CONTACT TRACING
C
content. Disposable soft lenses are for
single use only; extended-wear lenses
are worn for up to a month.
Other types of contact lenses include
rigid scleral lenses, w hich cover the
whole of the front of the eye and are
used to disguise disfigurement; bifocal
contact lenses; and toric contact lenses,
w hich have an uneven surface curva-
ture and can correct
astigmatism
.
PROBLEMS
Hard plastic lenses may cause abrasion
of the cornea if w orn for too long. Soft
lens wearers sometimes develop sensi-
tivity of the eyes and lids. Any type of
contact lens may cause redness of the
eye. The most serious complication of
using lenses is infection, w hich can
occasionally cause permanent damage
to the cornea and affect vision; meticu-
lous hygiene lowers the risk.
contact tracing
A service provided by clinics treating
sexually transmitted infections
,
in w hich
all contacts of a person diagnosed as
having a sexually transmitted infection
are traced and then encouraged to be
examined and treated. Contact tracing
is also used in cases of other infections,
especially
tuberculosis
,
meningitis
,
and
imported
tropical diseases
.
contagious
A term used to describe a disease that
can be transferred from person to per-
son
by
ordinary
social
contact. All
contagious diseases, such as the com-
mon cold or chickenpox, are
infectious
.
The term “ contagious” does not apply
to the many
infectious diseases
,
such as
typhoid, syphilis, or AIDS, w hich are
spread by other means.
continuous positive airway
pressure (CPAP)
A method of
ventilation
(mechanically
assisted breathing)
in w hich the air
pressure inside a patient’s airways is
kept above atmospheric pressure.
continuous positive pressure
ventilation (CPPV)
A rarely used method of
ventilation
(mechanically
assisted
breathing)
in
w hich positive pressure is applied to
the airways to produce each inhalation.
contraception
The control of fertility to prevent
preg-
nancy
.
Contraception can be achieved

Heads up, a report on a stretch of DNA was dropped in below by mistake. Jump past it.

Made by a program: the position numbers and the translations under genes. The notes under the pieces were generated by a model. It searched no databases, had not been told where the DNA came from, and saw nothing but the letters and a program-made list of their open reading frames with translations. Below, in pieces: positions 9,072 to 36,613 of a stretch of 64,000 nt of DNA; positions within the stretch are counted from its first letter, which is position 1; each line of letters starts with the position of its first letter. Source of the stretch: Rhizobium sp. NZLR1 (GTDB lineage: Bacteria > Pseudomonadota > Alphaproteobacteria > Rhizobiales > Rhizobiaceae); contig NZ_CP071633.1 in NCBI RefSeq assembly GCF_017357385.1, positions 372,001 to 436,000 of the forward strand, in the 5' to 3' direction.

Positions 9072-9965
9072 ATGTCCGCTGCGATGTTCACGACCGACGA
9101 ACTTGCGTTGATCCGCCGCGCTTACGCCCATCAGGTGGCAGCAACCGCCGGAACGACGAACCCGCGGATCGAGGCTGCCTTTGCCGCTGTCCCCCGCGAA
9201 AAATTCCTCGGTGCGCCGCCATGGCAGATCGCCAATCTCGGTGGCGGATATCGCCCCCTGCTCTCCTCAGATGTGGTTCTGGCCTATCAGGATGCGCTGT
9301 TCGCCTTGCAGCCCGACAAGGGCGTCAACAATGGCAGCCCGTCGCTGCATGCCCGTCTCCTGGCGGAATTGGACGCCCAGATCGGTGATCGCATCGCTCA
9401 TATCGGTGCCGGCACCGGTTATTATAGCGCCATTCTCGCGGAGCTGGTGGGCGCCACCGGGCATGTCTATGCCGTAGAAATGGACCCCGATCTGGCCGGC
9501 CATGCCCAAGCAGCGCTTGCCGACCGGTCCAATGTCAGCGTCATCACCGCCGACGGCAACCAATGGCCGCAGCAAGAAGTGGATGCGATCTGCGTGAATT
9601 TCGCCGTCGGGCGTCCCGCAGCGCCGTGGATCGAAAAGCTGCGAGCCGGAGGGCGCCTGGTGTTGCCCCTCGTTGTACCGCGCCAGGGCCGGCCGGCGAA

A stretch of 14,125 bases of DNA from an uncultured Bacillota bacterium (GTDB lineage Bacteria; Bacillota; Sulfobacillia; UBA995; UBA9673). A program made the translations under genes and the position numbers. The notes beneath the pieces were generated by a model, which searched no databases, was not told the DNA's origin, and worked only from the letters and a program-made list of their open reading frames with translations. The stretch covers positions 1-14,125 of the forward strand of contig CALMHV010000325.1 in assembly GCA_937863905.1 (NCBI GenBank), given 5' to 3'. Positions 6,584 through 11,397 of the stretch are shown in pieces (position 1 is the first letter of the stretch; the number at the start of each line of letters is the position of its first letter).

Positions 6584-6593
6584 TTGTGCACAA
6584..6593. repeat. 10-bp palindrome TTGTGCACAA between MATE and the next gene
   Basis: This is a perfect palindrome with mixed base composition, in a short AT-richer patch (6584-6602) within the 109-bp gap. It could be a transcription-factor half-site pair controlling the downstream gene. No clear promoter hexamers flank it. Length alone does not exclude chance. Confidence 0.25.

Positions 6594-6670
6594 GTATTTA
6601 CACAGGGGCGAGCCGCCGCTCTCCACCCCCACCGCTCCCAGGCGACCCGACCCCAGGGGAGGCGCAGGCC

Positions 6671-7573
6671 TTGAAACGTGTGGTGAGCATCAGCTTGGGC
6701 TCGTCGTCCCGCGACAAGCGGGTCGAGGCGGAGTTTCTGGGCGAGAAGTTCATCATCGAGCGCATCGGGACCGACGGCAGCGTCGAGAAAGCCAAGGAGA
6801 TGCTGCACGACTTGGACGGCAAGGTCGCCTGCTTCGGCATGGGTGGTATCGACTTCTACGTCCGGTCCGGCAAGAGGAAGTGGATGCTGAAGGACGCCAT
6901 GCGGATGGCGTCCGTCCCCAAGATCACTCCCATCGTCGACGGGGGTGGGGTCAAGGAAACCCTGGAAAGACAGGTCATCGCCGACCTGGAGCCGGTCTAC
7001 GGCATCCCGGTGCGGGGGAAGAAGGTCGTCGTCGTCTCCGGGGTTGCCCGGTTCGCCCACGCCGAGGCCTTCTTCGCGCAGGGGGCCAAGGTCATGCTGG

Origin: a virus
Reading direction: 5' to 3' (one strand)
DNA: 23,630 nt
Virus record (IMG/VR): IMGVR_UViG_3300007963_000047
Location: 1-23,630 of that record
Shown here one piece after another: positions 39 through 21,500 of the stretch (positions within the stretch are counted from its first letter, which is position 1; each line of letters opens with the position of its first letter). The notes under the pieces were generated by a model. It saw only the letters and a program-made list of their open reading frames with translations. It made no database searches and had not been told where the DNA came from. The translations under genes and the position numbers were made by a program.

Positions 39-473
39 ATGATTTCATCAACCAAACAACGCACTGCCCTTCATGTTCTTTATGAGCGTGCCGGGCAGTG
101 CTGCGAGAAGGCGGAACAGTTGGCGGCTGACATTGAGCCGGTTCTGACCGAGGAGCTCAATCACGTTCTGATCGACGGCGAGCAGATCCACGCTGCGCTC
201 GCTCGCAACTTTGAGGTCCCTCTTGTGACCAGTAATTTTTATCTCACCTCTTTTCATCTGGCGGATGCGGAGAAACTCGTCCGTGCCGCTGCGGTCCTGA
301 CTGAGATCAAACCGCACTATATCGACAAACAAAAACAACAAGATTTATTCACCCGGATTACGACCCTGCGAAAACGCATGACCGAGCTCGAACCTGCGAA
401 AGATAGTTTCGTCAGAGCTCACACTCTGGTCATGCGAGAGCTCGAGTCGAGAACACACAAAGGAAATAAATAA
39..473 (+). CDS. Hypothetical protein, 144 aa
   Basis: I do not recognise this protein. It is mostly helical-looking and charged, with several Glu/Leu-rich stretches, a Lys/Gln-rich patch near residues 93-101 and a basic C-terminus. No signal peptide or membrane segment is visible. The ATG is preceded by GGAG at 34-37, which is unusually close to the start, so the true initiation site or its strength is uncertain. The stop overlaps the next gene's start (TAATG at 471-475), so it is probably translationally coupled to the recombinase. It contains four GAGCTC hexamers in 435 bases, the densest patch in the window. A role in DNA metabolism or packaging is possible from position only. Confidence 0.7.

by a variety of methods. Some forms
CARE AND INSERTION OF CONTACT LENSES
The care of hard contact lenses may
require the use of several chemical
solutions. A cleaning solution is used
to remove deposits of mucus and
protein from the lenses. A wetting
solution is used before inserting a lens
in the eye. A further solution may also
be used for storage; if used, a storage
solution must be washed off before a
contact lens is inserted.
Soft contact lenses absorb any
chemicals with which they come into
contact, so the solutions used must be
weaker. Disinfection with a chemical or
heating system is needed to prevent
contamination and eye infection. Two
or three solutions may be necessary,
but intermittent cleaning with a third
system, such as an enzyme tablet or an
oxidizing agent, may also be required.
1
Before touching lenses, wash your
hands thoroughly under running water
and take care to rinse off all traces of
soap. Remove the lens from its container;
for a hard lens, you may prefer to do this
with a rubber sucker. Rinse the lens
thoroughly in the wetting solution.
Do not use tapwater.
2
Place the contact lens on the tip ofyour
index finger. If it is a soft lens, make sure
that it has not turned inside out. If it has, you
will see an out-turned rim.
3
Keep both eyes open. Hold the upper lid of
one eye open, and look straight ahead or at
the lens as you bring it up to your eye.
4
Place the contact lens on your eye, over the iris
and pupil. Look downwards and then release
the lid. If necessary, the lens may be centred by
gently massaging the eyelid. The photograph on
the right shows a hard lens correctly positioned.
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